For a while rap/rock collaborations were an easy way to double your fun, at least during the late 80s and early 90s, when Run DMC and Aerosmith's Walk This Way and Public Enemy and Anthrax's Bring the Noise instantly located fertile common ground – hedonism and unfocused rage respectively. Then the soundtrack to forgettable 1993 action flick Judgment Night ruined everything, pairing Ice-T with Slayer, Faith No More with giant Samoan hip-hop crew Boo Yaa Tribe, in the process inventing the most justifiably maligned genre of recent years: nu metal. From there on in, the whole notion was hijacked by white men dressing and behaving like toddlers, waddling around in over-sized shorts and shouting rude words.
Rap-rock has become a reviled genre, synonymous with white rockers with bad shorts pretending to be straight outta Compton. However, this should restore some of the lustre lost since the likes of Run-DMC and Aerosmith collaborated to produce their mighty Walk This Way. Blakroc brings together blues-rock duo the Black Keys, Jay-Z's old partner Damon Dash, producing, and various A-listish MCs.
New Musical Express (NME) - 70 Based on rating 3.5/5
Since [a]The Black Keys[/a] worked with [a]Danger Mouse[/a] on their last album, ‘Attack & Release’, it’s fair to say their paths have diverged.Mr Mouse – king of the unexpected collaboration, sometimes confused with King Midas – is no longer ‘Crazy’ famous. Instead, he’s stepped back from big-name collaborations and busied himself crafting noir-ish, scary Americana with Sparklehorse and David Lynch or paying tribute to Merlin with little-known songwriter Helena Costas in the whimsical folk outfit [a]Joker’s Daughter[/a]. Grubby guitar-crankers The Black Keys, meanwhile, now lend their services only to gold-plated superstars such as ZZ Top.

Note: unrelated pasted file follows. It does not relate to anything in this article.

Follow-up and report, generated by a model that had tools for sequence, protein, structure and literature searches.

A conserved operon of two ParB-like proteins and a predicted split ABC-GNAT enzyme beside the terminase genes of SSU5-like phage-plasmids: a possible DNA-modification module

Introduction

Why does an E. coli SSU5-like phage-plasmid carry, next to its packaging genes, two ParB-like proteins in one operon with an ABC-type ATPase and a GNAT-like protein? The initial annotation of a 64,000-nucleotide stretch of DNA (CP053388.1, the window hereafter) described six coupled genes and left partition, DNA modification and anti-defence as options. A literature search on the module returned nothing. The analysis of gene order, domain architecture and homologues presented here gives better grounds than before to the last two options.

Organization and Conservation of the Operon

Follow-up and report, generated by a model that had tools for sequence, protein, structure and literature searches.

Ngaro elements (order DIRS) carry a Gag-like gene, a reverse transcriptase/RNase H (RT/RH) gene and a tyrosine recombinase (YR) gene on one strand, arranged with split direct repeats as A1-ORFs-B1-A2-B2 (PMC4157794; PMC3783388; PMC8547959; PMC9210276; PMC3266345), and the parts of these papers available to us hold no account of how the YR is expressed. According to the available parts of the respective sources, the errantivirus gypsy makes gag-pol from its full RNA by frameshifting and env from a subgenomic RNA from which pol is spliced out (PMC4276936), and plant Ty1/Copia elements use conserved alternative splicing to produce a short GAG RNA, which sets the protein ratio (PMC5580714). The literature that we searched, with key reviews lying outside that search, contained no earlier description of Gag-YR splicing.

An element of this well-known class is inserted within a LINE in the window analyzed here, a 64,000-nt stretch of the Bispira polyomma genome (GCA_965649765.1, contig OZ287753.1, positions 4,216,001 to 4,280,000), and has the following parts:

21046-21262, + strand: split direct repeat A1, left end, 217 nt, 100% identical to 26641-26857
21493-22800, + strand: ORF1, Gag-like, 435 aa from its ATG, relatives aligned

What is striking about Blakroc is the heavy hitters involved; both metaphorically and musically. Names like RZA, ODB, Mos Def, Raekwon and Pharoahe Monch smack the eyes scanning the tracklist. The Black Keys supply sonorous psychedelic grooves and the rappers involved tear at them like a wrecking ball, as if facing down a challenge implicit in the huge riffs surrounding them.
You might think the remarkably similar and undeniably terrible Black Lips/GZA collaborations from earlier this year would have made everyone involved in the BlakRoc project-- Black Keys plus hip-hop artists, to be reductive-- re-think their decision. But by being so blatant about what it did wrong-- combining notoriously sloppy and notoriously methodical artists-- the Lips and GZA may have actually have provided an unintentional boost. No such problem exists in BlakRoc-- the Black Keys recently toe-dipped into hip-hop by having Danger Mouse produce their last LP and their reverent, values-based approach to the blues nicely dovetails with the ethos of the MCs involved-- mostly guys who came up in NYC during the late and mid-1990s.
When Blakroc – the collaboration between garage rock duo The Black Keys and a handful of rappers – was announced, it was met by a feeling of vague understanding in this writer. The Akron, Ohio-based blues rockers wouldn’t be the first group I would guess to engage in a rap record, but then again, their last album was produced by Danger Mouse and their riffs are basic and blunt enough that they just might work behind, say, Mos Def. Well, Blakroc turned out to be more rap than rock, with producer Damon Dash at helm and vocal duties designated almost completely to rappers like Ludacris, RZA, Raekwon and Q-Tip.
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